It is my job to find Christ in His Church. It is my job to find Christ in myself. I find Him by accepting truth and rejecting hate as they are revealed to me. I believe this will help me empathize and defend. It will lead to revelation about how LGBTQ people are feeling and why. It will show me the things I do, say, or support that make them feel afraid. It will give me the courage to change those things. If we find Christ in His Church we will purify the culture it houses.

I'm not ready to listen to President Oaks' talk with Christ's ears. I'm not prepared to discern what is eternal essential truth and what is hateful. But I'm working to be ready so that it can be a strength to my ability to love rather than a challenge to it.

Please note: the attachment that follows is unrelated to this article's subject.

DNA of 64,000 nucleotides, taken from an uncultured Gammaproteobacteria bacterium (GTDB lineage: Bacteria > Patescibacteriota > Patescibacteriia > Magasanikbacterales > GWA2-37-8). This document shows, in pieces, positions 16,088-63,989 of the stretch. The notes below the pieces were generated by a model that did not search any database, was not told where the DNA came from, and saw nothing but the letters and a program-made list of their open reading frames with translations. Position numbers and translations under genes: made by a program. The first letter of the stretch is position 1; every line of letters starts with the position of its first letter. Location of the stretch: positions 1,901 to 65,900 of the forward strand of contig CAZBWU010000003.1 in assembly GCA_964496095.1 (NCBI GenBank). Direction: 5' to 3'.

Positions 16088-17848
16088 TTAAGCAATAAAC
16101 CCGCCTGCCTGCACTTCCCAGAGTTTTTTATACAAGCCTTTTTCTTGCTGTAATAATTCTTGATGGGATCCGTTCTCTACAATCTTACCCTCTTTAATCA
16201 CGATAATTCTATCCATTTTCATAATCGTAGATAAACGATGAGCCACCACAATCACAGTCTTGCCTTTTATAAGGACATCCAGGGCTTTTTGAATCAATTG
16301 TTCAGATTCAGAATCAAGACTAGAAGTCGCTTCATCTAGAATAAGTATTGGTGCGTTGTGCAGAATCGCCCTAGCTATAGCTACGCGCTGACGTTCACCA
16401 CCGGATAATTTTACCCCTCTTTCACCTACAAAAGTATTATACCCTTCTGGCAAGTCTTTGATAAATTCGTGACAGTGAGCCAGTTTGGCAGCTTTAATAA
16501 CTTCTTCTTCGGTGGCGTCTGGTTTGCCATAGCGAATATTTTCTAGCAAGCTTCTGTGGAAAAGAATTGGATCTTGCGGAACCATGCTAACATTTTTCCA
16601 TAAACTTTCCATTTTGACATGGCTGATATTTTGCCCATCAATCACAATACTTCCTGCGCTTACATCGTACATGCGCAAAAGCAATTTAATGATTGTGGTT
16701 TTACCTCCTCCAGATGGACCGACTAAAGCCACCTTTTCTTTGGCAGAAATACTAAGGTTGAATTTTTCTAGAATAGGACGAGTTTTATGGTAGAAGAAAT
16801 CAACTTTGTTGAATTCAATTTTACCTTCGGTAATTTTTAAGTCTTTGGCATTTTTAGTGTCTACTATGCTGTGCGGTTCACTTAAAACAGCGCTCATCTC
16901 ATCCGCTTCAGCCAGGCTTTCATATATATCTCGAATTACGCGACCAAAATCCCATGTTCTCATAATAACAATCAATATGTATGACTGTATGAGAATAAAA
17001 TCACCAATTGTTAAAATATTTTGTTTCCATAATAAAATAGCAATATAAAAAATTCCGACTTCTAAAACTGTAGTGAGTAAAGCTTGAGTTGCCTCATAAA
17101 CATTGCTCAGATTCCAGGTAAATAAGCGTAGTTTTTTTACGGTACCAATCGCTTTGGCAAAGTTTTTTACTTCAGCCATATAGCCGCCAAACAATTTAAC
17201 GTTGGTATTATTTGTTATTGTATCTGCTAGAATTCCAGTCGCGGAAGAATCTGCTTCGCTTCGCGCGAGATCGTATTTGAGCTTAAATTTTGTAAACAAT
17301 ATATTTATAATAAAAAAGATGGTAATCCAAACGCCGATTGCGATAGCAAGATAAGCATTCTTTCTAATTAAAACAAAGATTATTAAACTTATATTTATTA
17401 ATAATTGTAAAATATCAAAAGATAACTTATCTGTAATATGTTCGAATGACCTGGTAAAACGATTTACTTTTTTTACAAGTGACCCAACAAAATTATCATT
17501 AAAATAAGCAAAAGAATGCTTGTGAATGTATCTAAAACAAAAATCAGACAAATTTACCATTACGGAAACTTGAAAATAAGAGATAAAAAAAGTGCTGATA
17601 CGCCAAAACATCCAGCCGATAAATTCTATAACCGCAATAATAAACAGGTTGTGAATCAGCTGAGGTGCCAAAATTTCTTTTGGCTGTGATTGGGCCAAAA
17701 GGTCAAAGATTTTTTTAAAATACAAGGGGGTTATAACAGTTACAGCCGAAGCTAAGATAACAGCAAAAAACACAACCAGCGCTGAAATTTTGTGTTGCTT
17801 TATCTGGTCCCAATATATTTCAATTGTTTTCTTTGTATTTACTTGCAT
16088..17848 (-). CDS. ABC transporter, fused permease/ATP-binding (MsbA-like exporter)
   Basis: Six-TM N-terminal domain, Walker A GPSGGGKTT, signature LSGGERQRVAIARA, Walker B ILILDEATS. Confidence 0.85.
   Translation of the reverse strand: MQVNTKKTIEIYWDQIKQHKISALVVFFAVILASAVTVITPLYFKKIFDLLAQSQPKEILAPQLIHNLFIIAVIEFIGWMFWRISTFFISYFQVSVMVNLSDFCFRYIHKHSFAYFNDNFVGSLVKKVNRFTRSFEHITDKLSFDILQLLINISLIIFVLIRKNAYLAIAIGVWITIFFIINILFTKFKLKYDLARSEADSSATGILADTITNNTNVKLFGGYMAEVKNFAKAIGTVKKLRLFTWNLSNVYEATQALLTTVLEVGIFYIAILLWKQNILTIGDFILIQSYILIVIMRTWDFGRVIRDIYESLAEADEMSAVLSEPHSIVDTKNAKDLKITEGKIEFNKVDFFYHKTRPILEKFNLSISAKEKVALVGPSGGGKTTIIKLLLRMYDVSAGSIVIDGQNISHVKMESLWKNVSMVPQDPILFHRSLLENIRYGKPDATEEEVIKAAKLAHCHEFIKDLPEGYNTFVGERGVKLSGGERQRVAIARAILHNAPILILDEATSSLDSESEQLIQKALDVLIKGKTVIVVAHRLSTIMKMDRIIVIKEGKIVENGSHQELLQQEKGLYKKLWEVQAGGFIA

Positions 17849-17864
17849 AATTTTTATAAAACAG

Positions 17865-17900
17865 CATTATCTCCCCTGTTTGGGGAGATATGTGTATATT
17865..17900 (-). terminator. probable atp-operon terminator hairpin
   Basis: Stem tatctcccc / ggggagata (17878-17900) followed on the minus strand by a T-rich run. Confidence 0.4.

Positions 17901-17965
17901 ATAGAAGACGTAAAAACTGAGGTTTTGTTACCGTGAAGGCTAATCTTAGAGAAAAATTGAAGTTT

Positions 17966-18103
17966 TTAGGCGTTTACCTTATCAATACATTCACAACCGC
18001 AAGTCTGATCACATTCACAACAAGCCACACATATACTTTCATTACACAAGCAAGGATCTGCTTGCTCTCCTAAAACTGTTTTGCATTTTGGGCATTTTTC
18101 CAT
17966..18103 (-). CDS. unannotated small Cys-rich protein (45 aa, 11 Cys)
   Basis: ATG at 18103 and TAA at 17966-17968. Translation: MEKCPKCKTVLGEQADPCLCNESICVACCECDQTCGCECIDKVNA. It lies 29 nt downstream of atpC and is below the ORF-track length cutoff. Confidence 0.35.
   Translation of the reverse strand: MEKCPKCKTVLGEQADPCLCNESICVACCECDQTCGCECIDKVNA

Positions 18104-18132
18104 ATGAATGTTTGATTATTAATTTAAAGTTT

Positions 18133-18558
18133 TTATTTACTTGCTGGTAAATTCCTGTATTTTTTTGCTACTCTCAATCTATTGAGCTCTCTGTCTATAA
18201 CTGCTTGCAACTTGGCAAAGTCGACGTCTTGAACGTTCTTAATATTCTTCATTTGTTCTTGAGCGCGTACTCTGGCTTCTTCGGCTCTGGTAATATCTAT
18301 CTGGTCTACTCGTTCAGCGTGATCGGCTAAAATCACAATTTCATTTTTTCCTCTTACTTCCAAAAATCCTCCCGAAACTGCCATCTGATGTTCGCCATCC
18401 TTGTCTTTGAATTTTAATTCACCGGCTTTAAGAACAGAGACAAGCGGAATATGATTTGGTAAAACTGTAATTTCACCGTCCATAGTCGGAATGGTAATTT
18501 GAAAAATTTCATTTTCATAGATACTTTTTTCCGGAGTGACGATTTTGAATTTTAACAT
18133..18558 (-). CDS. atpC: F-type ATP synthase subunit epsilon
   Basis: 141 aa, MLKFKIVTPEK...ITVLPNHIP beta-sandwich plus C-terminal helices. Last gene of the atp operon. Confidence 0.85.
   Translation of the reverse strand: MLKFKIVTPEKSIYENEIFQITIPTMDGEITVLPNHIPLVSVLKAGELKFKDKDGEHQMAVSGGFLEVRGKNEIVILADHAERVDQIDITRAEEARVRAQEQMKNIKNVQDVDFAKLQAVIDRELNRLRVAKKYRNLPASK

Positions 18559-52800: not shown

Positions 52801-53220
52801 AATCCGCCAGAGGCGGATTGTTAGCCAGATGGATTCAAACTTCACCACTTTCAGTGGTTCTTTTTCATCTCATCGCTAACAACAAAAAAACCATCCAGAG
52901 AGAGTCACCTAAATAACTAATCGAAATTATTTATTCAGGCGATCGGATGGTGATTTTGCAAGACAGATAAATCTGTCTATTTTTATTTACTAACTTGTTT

Babalugats

A:

Dear Tom, 

I think there is a big difference between lovingly firm and harshly firm. I do not doubt President Oaks put a lot of thought into that talk, and I don't doubt that he knew it would hurt people, honestly. But it kind of makes me wonder if he really understood what the impact of his words would be. Surely he knew that there would be LGBTQ+ youth and adults listening to it? Surely he knows that most members don't fit "The Ideal Mold." Surely he acknowledges the deep painful struggles of so many Church members, especially LGBTQ+, of feeling like God still loves them amidst all these teachings. Surely he knows about the devastating suicide rates among teens in Utah and the correlation in particular with LGBTQ+ teens.